Ordoñez points out the difference between training and coaching, “Training provides concepts, steps, techniques as prescribed by a teacher or an established system. It is for skills acquisition and proficiency building. Coaching empowers a person to draw from his own resources, find his own voice, set his own goals, exercise his choices and persevere on his own path of development.

“The coach is a thought partner, as the executive explores possibilities or alternative ways of doing things that will enable him to be a more effective and productive leader. It is a powerful tool in bridging developmental gaps as well as stretching inherent talents and capabilities.”

Challenges, rewards of executive coaching

In any executive coaching engagement, Ordonez ensures an alignment of objectives between the sponsor and the coachee. Both have to be clear on the areas for coaching, the purpose, and the expected outcomes. He also takes pains to explain the process and the concepts and principles behind it so these are well-understood even before the coaching sessions begin.

“Clients might come with old notions about coaching and they can confuse it with other interventions like mentoring, counseling and even therapy. They might expect you to simply tell the coachee what to do or give him advice. You have to help both the sponsor and the coachee get a full appreciation of the coaching process,” he says.

Although proficient in all types — life coaching, sales coaching and team coaching among others — executive coaching is a personal preference for Ordoñez.  “Executives are great coaches,” he says. “They are often clear with what they want to achieve. Most are straightforward and have a bias for action so they rarely need prodding. They also like it when their viewpoints are challenged and they are able to see things from a different light.”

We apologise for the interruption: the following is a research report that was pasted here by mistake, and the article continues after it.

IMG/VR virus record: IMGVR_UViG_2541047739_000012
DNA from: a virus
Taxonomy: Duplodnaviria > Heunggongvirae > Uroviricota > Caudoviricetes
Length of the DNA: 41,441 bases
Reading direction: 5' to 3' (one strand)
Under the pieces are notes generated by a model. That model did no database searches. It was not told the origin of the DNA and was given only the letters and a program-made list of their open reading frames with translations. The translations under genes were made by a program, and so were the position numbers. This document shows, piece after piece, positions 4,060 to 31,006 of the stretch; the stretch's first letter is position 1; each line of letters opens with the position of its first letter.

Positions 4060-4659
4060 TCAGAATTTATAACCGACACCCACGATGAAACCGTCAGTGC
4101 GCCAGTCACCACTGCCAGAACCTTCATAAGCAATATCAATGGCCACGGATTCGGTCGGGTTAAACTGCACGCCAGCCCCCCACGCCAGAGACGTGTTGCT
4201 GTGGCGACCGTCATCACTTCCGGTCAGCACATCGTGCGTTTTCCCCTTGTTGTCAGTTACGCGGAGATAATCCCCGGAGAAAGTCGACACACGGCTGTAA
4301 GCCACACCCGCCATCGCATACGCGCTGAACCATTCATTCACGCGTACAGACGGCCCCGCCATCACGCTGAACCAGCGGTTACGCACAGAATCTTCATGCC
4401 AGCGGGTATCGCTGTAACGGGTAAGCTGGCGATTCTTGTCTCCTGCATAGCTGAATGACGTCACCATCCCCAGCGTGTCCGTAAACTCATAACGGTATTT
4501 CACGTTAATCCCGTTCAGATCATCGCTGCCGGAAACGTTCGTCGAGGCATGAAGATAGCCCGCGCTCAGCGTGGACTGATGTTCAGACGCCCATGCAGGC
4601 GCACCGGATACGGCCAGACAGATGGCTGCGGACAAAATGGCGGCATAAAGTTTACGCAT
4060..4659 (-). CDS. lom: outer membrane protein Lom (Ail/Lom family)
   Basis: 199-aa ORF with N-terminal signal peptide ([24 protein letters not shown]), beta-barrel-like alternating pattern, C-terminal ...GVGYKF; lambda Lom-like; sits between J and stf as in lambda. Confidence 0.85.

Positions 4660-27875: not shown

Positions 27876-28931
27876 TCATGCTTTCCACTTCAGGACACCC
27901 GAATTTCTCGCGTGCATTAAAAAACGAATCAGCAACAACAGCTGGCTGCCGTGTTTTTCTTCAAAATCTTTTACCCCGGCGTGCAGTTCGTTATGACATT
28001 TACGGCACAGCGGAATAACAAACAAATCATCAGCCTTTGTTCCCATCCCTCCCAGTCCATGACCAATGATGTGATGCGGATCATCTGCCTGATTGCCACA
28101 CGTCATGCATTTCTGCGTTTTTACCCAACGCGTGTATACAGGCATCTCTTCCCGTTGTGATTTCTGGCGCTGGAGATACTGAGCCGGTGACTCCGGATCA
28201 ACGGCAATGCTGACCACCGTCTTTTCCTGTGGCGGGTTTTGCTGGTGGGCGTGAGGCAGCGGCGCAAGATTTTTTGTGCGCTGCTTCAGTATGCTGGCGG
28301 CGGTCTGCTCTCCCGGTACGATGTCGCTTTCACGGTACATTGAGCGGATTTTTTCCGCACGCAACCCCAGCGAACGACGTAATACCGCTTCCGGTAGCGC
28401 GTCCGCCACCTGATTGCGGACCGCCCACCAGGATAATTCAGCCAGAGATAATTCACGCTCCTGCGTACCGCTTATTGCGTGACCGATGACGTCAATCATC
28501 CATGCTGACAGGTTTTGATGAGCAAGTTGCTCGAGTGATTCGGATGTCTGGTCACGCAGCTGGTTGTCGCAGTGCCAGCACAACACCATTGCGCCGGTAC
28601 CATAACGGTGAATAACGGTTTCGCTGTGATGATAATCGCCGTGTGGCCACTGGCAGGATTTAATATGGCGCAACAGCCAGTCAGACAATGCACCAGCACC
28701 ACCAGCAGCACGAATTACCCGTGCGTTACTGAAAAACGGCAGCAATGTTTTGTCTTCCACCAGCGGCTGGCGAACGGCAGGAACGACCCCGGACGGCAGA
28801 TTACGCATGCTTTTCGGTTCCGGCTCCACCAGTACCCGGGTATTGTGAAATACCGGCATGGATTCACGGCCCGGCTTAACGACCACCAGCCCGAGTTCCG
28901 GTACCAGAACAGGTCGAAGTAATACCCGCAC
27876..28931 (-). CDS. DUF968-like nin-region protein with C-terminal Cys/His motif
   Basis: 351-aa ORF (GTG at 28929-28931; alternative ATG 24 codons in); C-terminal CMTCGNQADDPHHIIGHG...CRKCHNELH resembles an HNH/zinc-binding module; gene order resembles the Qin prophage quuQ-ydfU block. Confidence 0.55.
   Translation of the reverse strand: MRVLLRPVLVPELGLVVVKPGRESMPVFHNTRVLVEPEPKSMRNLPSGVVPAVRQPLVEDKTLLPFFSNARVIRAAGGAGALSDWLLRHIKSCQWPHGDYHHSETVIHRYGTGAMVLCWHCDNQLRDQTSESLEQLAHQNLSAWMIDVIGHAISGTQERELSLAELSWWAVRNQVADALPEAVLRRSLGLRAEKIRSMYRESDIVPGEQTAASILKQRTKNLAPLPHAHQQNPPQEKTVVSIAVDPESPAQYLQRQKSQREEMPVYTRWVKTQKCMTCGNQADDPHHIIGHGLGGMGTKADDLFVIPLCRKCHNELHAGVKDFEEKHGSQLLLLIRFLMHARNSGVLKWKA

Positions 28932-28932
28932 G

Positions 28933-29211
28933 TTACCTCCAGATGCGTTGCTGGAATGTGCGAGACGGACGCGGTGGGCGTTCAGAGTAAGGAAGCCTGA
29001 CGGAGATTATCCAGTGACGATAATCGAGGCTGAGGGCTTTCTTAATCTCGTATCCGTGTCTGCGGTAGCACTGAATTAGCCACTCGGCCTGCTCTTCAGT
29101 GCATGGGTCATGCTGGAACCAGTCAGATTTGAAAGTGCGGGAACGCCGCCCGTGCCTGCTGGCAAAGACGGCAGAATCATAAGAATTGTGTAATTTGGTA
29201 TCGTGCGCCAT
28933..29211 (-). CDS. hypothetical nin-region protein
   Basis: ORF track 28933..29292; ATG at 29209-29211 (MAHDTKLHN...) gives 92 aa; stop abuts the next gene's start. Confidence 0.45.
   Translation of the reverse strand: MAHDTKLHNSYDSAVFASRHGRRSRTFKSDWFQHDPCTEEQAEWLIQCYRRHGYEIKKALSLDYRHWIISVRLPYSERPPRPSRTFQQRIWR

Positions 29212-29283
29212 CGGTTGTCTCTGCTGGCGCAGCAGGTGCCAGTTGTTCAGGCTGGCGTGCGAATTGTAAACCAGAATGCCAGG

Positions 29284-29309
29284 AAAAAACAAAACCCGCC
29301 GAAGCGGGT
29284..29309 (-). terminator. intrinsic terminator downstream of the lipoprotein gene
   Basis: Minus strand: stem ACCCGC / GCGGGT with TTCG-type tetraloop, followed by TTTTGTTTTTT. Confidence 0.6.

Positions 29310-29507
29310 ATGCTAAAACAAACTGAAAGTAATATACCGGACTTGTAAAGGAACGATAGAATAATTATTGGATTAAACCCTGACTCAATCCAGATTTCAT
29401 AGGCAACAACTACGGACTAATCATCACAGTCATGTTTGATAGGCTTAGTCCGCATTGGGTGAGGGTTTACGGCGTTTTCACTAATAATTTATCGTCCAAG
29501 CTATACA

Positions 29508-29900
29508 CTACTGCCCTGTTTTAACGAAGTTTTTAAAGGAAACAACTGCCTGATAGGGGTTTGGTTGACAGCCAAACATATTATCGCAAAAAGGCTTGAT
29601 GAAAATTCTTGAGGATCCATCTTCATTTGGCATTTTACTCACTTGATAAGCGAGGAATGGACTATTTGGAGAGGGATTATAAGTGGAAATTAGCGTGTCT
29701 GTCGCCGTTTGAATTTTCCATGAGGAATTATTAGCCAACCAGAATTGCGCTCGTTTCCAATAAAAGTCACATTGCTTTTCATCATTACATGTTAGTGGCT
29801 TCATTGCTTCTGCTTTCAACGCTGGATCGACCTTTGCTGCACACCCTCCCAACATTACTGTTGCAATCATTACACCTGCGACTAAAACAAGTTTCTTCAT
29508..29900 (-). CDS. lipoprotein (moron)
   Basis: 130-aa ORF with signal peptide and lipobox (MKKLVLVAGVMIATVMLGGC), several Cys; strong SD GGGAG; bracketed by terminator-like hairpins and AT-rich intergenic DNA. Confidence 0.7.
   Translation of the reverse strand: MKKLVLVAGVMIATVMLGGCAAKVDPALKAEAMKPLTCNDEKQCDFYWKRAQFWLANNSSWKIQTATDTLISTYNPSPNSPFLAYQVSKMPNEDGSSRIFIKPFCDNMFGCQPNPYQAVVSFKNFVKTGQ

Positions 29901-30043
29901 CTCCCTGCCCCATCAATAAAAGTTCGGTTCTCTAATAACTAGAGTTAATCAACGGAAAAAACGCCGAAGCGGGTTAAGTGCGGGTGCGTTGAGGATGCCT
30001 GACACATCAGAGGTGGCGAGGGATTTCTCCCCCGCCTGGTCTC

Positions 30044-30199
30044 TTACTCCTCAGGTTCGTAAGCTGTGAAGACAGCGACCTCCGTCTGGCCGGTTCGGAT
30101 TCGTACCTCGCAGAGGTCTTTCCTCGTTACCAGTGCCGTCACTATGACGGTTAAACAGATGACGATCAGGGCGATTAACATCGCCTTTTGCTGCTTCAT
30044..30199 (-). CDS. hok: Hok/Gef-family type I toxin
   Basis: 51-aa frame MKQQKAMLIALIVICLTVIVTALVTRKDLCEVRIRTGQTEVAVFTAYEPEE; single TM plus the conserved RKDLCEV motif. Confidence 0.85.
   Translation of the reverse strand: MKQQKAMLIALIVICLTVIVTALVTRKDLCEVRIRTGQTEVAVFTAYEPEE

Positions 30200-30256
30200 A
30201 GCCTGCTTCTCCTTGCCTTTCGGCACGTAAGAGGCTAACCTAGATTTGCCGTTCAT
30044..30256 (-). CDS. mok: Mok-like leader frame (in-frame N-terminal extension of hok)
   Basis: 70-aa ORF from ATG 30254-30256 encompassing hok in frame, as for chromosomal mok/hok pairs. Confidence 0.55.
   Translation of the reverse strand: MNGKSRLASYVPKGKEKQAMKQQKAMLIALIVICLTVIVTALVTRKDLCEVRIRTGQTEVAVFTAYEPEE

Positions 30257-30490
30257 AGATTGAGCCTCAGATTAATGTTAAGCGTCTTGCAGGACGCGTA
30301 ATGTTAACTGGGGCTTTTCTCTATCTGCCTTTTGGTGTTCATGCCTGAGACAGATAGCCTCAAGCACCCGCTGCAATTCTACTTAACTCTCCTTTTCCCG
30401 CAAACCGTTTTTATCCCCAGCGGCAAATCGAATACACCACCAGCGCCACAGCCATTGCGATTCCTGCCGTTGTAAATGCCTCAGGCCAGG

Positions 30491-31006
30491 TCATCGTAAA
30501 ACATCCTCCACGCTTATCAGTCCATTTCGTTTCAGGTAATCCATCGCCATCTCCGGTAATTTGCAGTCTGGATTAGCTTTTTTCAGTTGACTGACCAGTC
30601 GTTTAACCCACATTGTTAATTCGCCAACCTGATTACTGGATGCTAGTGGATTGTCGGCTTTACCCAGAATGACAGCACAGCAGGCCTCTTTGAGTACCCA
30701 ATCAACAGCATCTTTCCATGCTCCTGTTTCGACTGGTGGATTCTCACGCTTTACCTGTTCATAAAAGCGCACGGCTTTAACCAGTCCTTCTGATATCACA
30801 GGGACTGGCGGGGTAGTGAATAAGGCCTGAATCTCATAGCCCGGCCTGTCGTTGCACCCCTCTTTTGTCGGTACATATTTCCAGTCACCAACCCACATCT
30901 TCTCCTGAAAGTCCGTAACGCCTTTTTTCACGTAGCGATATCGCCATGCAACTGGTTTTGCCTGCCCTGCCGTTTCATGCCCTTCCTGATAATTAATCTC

What should be considered when looking for an executive coach? Formal training is imperative, Ordoñez stresses. “Check out his coaching education and credentials. At the very least, he should have undergone formal education of 60 hours of an ICF-accredited program, backed up by practice under the guidance of a mentor coach.” 

He suggests a thorough evaluation of potential providers’ track record in coaching, client feedback and demonstrated capability. “Ask about the specifics of his coaching experience — the number of years he has been in the coaching profession, who his clients are and the coaching situations he has handled.”

Ordoñez says that there is a high demand for executive coaches right now. The sheer demand makes the industry attractive and quite easy to penetrate for people without proper certification.

To help counter the situation, he offers ICF-accredited training programs in Manila and Singapore through his training outfit, Benchmark Consulting, which has groomed a pool of professional coaches with formal ICF training. “We want more professionals in the field. That is the only way for the industry to grow in value,” he says.


To learn more about executive coaching, visit www.benchmark-consulting.net or call 812-7177.